Random House: 315 pp., $27
Kathryn Harrison's new novel begins with drama and a famous death: "The day they pulled father's body out from under the ice, the first day of the new year, 1917, my sister, Varya, and I became wards of Tsar Nikolay Alexandrovich Romanov and were moved, under imperial guard, from the apartment at 64 Gorokhovaya Street to the Alexander Palace in Tsarskoe Seloe, the royal family's private village outside the capital."
The father in question is Grigori Yefimovich Rasputin, the feared and despised influence behind the czar's throne, and the speaker is Rasputin's 18-year-old daughter, Masha. The Mad Monk had children — who knew? Harrison's discovery of this historical information, she notes in her acknowledgments, inspired her narrative.
Masha is soon recruited by the czarina, in the hope that she has inherited her father's powers of healing and will be able to help the young czarevich, Alexei, with his precarious health. Masha comes to know Alexei more intimately as Alyosha. He suffers from hemophilia, the blood disease that has turned out to be another part of his royal birthright. Masha's mention of the year, 1917, tips us off, however, that she will not be able to save Alyosha and that the Romanovs will soon fall.The young czarevich will indeed bleed to death, though not because of hemophilia.
The territory of "Enchantments" is familiar therefore, but the perspective is new. Masha's redemptive gifts turn out to be those not of the healer but of the storyteller. In the months after the czar's abdication, when the Romanovs and their entourage are incarcerated, she and Alyosha weave a magic carpet of story — stories they trade, embroider, re-invent; stories about horses, America, the devil and especially their own families. Masha re-invents our ideas of Rasputin, and the world of Nicholas and Alexandra is imbued with a glow whose fierceness is governed by the imminence of its loss.
Harrison has written previous historical novels, notably "Poison," but her most famous book, and in a way her ur-text, is "The Kiss," a devastating memoir in which she tells of the sexual abuse inflicted on her by her own father. "The Kiss" burns with submerged fury, and it announces themes that weave through her work like intertwined veins. In her books, we find a wounded yet steely and profound understanding of power and the hope, the dream almost, that through the wonder of words history might be understood and reclaimed.
One chilly scene features Derevenko, who "had cared for Alyosha for eight years with a devotion that appeared sincere," testing the new power that the revolution has given him by ordering Alyosha about: "'You!' he barked. 'Light my cigarette. Polish my boots and shine my buckle. And when you've done that, go to the kitchen and get me something to eat.'"
Another wonderful moment occurs when the deposed czar tries to take a ride on his bicycle and discovers that even such an innocent desire has been rendered dangerous and absurd by the new forces in control.
The novel's guiding metaphor is the collection of jeweled eggs that Fabergé crafted for the czar's children, and one of those eggs in particular, a replica in miniature of the grand imperial palace.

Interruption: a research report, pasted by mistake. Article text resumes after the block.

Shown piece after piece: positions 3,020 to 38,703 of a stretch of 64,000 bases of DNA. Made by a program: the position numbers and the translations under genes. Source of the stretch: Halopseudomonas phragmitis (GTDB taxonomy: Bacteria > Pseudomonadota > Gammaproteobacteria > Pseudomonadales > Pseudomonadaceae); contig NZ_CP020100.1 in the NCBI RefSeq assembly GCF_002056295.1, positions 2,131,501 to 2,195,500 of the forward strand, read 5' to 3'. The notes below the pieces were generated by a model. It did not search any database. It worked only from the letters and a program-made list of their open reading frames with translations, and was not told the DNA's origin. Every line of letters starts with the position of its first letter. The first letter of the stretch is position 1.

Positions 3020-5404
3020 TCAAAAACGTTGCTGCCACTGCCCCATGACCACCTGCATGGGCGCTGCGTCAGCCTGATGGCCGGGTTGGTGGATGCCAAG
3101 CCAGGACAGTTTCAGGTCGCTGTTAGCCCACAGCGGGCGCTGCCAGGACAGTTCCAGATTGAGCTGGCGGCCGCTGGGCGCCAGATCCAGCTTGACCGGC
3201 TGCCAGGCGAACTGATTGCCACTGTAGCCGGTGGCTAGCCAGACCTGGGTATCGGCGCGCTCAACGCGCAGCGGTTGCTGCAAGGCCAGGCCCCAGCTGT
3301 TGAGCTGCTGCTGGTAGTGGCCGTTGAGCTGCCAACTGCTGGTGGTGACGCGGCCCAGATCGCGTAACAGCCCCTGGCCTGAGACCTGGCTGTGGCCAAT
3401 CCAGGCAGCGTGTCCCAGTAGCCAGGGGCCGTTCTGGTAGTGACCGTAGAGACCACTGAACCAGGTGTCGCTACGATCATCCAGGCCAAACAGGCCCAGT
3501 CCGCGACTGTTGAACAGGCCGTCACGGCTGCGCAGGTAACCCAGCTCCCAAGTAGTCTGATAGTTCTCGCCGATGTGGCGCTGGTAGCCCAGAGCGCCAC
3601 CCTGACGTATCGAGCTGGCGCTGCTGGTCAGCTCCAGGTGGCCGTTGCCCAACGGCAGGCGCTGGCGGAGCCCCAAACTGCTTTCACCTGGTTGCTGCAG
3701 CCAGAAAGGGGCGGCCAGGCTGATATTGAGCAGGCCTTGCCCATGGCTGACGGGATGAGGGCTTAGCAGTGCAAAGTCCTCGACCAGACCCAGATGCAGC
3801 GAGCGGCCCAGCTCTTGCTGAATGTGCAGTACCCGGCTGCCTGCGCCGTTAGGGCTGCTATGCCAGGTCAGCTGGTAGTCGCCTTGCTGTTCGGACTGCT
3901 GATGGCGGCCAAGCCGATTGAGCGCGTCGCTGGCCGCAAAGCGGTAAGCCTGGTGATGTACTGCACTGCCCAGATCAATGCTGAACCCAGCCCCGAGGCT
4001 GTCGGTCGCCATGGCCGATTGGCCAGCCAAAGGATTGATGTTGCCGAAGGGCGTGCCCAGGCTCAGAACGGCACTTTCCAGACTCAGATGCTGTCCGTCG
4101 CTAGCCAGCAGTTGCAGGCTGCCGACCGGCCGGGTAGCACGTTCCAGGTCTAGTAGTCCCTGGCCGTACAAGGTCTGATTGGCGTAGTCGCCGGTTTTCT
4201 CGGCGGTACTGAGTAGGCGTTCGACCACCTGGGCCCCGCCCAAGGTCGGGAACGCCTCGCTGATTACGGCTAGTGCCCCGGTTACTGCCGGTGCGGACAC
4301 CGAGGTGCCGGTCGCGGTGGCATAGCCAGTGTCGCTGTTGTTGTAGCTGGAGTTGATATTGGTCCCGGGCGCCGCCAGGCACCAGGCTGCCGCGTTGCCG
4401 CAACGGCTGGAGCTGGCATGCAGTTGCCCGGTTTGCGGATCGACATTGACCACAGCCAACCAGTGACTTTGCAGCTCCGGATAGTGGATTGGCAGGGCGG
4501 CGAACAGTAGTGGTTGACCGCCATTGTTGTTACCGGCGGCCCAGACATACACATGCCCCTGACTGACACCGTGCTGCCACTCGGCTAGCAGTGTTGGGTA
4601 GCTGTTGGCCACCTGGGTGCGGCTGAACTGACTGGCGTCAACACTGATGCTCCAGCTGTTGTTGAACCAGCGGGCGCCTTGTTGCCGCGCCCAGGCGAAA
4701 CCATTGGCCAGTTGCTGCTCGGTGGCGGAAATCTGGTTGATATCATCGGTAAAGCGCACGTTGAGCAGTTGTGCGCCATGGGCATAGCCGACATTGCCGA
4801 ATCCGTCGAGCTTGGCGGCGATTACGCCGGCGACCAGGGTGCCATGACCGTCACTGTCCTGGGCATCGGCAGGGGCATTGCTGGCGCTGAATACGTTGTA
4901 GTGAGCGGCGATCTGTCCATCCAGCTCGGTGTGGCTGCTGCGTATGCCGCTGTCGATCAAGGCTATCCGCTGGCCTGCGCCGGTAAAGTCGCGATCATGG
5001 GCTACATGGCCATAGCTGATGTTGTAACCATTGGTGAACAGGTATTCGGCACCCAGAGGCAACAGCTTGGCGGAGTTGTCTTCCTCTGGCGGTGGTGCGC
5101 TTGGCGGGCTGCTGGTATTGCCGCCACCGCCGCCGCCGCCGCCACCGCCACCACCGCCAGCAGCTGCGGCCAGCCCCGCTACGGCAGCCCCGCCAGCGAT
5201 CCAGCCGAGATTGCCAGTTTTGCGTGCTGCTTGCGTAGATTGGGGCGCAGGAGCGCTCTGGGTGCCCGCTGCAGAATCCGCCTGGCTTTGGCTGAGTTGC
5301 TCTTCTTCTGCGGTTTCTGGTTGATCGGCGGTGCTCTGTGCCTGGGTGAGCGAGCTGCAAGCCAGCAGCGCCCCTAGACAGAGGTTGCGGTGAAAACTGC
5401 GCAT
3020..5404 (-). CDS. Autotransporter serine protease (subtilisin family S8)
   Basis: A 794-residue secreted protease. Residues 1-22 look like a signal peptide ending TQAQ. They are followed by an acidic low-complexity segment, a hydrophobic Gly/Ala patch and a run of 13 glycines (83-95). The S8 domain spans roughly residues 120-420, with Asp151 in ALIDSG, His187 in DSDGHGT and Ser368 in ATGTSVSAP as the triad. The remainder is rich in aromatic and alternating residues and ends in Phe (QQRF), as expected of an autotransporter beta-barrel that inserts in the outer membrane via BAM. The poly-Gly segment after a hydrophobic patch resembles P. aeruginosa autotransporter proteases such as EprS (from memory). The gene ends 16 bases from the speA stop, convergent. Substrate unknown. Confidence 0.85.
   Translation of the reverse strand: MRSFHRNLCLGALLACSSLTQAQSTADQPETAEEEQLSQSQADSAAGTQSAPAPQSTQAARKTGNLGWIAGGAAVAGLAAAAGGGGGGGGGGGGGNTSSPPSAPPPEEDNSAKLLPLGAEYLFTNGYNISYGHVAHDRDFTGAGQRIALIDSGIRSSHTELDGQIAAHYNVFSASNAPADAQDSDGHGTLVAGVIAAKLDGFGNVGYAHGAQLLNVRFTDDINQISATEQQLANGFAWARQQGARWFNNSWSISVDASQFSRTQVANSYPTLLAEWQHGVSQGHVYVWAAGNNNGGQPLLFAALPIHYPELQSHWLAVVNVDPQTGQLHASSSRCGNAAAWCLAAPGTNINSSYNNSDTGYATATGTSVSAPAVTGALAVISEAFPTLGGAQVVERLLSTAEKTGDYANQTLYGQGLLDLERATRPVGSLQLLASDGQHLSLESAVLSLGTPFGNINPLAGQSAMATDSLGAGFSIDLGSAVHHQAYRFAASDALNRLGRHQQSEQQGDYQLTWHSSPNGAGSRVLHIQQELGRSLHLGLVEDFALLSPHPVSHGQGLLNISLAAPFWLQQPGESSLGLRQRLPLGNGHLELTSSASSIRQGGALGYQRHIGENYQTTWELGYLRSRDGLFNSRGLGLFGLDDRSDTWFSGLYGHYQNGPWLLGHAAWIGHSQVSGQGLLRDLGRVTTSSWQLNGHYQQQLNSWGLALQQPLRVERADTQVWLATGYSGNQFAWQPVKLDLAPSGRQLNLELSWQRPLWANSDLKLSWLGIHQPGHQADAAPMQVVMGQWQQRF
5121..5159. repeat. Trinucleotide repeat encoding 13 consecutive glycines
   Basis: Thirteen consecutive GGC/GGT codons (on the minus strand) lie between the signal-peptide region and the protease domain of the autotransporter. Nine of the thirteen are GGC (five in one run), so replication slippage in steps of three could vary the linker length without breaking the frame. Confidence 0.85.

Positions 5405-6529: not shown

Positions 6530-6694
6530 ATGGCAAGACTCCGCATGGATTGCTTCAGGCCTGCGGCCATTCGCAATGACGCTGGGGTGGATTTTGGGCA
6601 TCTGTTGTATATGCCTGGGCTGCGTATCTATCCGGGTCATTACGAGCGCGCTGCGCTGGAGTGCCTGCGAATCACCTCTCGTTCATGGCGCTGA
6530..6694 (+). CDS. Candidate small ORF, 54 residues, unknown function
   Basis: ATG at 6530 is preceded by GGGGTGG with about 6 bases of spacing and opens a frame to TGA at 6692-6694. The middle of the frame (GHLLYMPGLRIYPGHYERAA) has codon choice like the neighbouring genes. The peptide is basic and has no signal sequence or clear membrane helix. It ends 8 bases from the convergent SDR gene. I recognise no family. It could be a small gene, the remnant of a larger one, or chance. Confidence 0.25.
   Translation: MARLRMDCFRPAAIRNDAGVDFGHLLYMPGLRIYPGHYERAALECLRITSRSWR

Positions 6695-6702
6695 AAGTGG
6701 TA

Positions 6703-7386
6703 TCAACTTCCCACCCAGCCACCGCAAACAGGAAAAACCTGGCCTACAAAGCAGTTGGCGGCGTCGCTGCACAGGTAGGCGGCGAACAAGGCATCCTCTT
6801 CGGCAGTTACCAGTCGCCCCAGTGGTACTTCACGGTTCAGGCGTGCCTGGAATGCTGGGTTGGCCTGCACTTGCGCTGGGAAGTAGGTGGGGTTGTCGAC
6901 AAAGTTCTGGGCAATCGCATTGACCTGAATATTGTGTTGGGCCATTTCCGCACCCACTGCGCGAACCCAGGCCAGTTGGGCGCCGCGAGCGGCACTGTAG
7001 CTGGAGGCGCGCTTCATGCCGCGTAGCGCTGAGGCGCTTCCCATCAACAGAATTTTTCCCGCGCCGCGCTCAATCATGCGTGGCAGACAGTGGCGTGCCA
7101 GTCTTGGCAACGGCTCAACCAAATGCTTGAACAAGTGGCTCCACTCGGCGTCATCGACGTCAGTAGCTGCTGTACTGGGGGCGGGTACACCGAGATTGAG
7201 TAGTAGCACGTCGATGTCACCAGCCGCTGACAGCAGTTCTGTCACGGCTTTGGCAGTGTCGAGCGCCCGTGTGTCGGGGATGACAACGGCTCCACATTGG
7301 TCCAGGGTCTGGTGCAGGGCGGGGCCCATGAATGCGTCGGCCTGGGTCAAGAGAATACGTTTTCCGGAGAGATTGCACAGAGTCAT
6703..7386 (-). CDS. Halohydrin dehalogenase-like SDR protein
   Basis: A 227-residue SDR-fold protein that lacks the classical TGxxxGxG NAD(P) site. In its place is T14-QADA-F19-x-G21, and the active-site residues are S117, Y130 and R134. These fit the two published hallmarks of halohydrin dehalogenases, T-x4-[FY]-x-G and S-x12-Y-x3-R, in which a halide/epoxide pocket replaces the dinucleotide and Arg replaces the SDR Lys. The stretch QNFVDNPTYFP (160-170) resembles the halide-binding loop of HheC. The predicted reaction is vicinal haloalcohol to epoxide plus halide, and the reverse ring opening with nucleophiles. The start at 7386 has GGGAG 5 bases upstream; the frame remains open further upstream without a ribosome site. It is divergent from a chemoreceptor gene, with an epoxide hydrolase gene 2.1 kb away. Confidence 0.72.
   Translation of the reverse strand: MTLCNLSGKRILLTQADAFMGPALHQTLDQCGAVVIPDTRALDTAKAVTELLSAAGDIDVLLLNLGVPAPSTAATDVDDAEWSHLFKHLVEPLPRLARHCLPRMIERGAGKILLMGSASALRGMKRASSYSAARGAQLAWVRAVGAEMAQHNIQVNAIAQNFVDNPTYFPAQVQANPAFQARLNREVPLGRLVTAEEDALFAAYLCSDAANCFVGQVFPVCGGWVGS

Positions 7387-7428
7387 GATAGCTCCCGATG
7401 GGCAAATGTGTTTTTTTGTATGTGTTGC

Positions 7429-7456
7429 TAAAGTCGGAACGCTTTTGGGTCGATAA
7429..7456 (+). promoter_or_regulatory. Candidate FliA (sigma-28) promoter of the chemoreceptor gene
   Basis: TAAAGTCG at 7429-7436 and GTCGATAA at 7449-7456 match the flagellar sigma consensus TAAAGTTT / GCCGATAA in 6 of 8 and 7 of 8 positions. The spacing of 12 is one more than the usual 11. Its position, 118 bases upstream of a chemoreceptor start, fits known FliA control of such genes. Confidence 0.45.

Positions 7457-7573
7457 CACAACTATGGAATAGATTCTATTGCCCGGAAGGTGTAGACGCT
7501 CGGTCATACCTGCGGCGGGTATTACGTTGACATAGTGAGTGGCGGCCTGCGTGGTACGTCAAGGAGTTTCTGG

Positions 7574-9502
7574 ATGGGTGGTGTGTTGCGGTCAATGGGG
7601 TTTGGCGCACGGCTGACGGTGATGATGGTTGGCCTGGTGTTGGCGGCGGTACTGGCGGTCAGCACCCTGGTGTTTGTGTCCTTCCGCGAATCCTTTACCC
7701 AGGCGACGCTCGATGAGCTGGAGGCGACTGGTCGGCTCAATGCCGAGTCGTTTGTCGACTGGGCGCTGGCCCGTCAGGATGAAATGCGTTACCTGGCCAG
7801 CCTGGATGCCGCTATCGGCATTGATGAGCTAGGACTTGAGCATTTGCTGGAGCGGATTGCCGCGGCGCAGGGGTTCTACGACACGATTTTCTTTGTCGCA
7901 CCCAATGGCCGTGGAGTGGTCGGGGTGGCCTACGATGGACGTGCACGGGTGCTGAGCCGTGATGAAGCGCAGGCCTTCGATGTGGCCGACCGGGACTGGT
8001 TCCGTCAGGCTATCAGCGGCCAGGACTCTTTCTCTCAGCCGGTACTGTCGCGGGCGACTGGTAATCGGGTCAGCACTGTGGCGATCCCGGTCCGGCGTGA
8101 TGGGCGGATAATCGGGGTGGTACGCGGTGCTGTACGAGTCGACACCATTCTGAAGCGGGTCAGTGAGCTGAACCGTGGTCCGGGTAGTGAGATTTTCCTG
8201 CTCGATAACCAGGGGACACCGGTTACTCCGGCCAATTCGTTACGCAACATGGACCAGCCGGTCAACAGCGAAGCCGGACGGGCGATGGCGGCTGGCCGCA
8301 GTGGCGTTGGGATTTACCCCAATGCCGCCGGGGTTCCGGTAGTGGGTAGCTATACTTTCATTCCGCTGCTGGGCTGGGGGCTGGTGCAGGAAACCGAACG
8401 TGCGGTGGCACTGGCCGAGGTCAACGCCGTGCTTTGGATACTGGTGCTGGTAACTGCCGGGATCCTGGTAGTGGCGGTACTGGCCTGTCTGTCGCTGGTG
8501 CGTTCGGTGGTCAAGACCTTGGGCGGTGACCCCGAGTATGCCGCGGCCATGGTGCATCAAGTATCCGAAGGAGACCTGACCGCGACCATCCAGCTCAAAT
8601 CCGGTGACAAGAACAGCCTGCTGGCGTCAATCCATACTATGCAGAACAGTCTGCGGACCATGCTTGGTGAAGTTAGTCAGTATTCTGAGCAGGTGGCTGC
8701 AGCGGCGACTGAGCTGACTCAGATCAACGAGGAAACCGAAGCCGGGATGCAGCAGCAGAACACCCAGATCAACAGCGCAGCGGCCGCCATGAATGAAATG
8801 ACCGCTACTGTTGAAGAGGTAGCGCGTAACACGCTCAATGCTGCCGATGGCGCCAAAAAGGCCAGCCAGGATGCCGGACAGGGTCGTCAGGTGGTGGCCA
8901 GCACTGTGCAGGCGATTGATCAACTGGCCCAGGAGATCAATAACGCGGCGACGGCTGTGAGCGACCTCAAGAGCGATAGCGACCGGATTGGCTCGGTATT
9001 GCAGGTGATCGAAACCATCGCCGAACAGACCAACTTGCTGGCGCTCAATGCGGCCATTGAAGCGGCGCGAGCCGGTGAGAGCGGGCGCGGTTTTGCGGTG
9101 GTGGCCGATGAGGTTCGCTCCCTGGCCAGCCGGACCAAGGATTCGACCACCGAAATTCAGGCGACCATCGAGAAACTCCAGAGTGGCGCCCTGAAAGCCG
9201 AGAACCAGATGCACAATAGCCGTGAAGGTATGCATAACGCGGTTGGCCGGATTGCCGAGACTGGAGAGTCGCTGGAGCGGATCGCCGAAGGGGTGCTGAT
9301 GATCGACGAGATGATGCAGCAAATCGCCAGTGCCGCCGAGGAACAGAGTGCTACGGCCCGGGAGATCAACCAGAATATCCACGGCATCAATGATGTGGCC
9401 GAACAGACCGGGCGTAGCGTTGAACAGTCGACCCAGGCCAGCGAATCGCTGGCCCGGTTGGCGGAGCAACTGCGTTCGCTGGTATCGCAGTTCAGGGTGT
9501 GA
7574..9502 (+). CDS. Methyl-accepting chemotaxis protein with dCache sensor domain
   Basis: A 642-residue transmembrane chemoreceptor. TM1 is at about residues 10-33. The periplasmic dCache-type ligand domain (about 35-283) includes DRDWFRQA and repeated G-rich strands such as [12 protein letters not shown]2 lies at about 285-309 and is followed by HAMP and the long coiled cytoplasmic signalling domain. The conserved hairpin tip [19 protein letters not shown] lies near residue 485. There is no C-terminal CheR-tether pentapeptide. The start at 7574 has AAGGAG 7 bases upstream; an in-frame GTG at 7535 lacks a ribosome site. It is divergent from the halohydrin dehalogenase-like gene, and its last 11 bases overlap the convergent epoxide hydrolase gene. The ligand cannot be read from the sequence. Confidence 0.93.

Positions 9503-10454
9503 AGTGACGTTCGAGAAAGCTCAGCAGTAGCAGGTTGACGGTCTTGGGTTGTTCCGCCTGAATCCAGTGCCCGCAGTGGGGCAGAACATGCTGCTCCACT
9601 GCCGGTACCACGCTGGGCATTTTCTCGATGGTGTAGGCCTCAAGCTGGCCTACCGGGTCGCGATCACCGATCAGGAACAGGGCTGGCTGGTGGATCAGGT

"Inside the egg was a park and trees and a white-and-yellow palace so detailed I almost had to believe I was seeing a real building, only through the wrong end of a telescope," Masha remembers. "There were balustrades and balconies, patios, windows, arched porticoes, a man-made pond and grotto, a Chinese village, a marble bridge, and an elephant house."
This egg, Masha says, has a window, which magnifies and casts a spell: "I saw into the egg, all the way in, and not only did I see the tiny palace's rooms but I entered them, and there were people inside, not people made of jewels, but real people, and the people were us. I was in the palace in the egg and in the palace the egg was in, and one was the same as the other, and I didn't know who was the real me…"
Eventually, we see Masha married, not, of course, to her beloved Alyosha but to Boris Soloviev, a charlatan, a parody of Rasputin himself, who has "made a career of conducting séances in St. Petersburg, bilking women of their jewels in return for messages from their departed."
Those jewels help fund Masha's escape from Russia to Europe and America, where she becomes a circus entertainer. The bigger lion that she tames is history itself, a beast that devours the Romanovs without compunction. "Enchantments" climaxes, as the reader senses it must, with the grisly extermination of Alyosha and his family and the annihilation of their corpses, stacked "like logs on the back of a truck" — dismembered, thrown down a mine shaft, burned and covered with acid.
Harrison's narrative tactics deliver this oft-told moment with shocking freshness, and a major part of the job of any historical fiction is fulfilled. Harrison acknowledges Bulgakov's "The Master and Margarita" as an influence; I think I also detect shades of Angela Carter. Harrison is ruthless in her exposure of emotion's darker side. The Romanov world isn't idealized, exactly, but the way that world is crushed reminds us of a crucial truth: The individual counts, always and forever.
Rayner is the author, most recently, of "A Bright and Guilty Place."